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Night falls over Rio de Janeiro

Climate Change

Climate change is reshaping human civilization. How we respond will determine the future of our species.

© Nikada

It is the most pressing global challenge we’ve ever faced

The climate has always been changing — but the pace is now faster than humans have ever seen. Climate change threatens to make parts of the planet uninhabitable or inhospitable for life as we know it while worsening poverty, swamping coastlines and​ destroying infrastructure.

Conservation International protects perhaps humanity’s biggest ally in the fight against climate change: nature.

The Facts

30% of the solution

Nature can provide at least 30 percent of the mitigation action needed to limit global warming to 1.5 degrees Celsius on average (2.7 F).

65% global greenhouse gas emissions

Some 65 percent of global greenhouse gas emissions is from burning fossil fuels, and deforestation accounts for about 11 percent of those caused by humans.

1% of tree species in the Amazon

In Amazonian forests, 1 percent of the tree species sequester 50 percent of the carbon.

Conservation International addresses climate change on two fronts:

Helping communities adapt to the effects of climate change that are already happening and that are expected to accelerate, such as sea-level rise

Working to prevent further climate change by reducing emissions, enhancing carbon storage, etc.

The challenge

Current greenhouse gas emission trends put the world on course for a 3.7–4.8°C temperature increase by 2100, which would cause catastrophic effects. Even the commitments made under the new Paris Agreement fall short of the cuts required to limit warming to a relatively safer 2°C. Even if all emissions are stopped immediately, effects will continue for centuries due to the cumulative impact of emissions already in the atmosphere.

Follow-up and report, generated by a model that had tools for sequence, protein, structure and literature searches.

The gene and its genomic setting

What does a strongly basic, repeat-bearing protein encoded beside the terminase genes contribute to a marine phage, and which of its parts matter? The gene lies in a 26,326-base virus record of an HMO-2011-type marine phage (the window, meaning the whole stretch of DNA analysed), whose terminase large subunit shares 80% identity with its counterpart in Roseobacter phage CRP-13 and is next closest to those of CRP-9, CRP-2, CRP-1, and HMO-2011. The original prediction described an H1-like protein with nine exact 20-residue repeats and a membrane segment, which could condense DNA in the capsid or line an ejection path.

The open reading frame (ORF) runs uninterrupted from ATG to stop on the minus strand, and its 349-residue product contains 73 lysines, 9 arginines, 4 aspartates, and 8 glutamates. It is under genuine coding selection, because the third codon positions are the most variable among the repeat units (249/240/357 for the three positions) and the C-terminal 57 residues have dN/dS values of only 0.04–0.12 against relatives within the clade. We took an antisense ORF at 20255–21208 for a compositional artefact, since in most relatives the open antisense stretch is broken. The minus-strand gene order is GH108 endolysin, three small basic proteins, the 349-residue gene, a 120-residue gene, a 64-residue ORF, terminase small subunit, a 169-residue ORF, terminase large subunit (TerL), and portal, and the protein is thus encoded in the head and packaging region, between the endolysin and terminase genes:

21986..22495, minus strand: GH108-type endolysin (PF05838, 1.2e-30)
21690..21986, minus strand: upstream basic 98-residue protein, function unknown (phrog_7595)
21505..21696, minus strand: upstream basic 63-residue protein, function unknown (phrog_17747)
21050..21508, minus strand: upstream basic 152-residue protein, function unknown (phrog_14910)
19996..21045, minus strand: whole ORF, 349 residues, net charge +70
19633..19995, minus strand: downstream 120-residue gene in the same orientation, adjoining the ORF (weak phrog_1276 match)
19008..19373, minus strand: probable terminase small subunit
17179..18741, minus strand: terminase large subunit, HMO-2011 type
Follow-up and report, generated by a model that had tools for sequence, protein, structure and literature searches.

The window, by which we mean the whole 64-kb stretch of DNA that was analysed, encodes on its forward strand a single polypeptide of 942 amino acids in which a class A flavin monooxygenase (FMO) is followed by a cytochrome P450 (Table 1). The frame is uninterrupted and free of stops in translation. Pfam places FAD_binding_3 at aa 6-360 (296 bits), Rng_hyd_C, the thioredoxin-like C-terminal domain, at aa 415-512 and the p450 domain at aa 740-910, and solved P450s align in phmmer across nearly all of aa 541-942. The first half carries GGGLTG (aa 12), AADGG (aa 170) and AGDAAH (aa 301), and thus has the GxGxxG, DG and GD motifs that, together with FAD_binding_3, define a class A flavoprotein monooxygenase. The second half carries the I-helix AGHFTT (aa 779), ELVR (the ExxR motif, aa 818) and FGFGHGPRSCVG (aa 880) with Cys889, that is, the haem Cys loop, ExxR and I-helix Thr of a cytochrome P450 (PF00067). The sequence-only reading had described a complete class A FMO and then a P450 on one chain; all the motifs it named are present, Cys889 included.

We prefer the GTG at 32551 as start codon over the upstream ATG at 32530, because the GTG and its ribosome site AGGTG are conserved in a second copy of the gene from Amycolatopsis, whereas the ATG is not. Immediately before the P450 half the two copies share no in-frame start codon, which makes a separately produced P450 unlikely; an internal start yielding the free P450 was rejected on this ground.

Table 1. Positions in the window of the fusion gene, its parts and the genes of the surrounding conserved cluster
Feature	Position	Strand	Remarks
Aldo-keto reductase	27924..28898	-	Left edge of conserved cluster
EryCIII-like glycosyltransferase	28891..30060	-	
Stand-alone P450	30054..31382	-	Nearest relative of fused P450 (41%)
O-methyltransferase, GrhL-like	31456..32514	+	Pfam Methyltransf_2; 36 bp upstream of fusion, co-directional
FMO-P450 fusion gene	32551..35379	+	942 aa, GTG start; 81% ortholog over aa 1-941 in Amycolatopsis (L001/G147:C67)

Meanwhile, nearly 800 million people globally are currently considered especially vulnerable to the effects of climate change.

The vision

Conservation International envisions a world where nature’s contribution to addressing climate change is fully maximized. This means that nature not only lives up to its potential to mitigate climate change — tropical forests alone can deliver 30% of mitigation action needed to prevent catastrophic climate change — but also is fully deployed in places where ecosystems can help vulnerable populations adapt to the already-present and future effects of climate change.

Small Step, Big Impact

Your support can make a difference in how the world responds and adapts to our changing climate.

How We Work

Raja Ampat, Indonesia.
© Burt Jones and Maurine Shimlock

Protecting ‘blue carbon’ and coastal ecosystems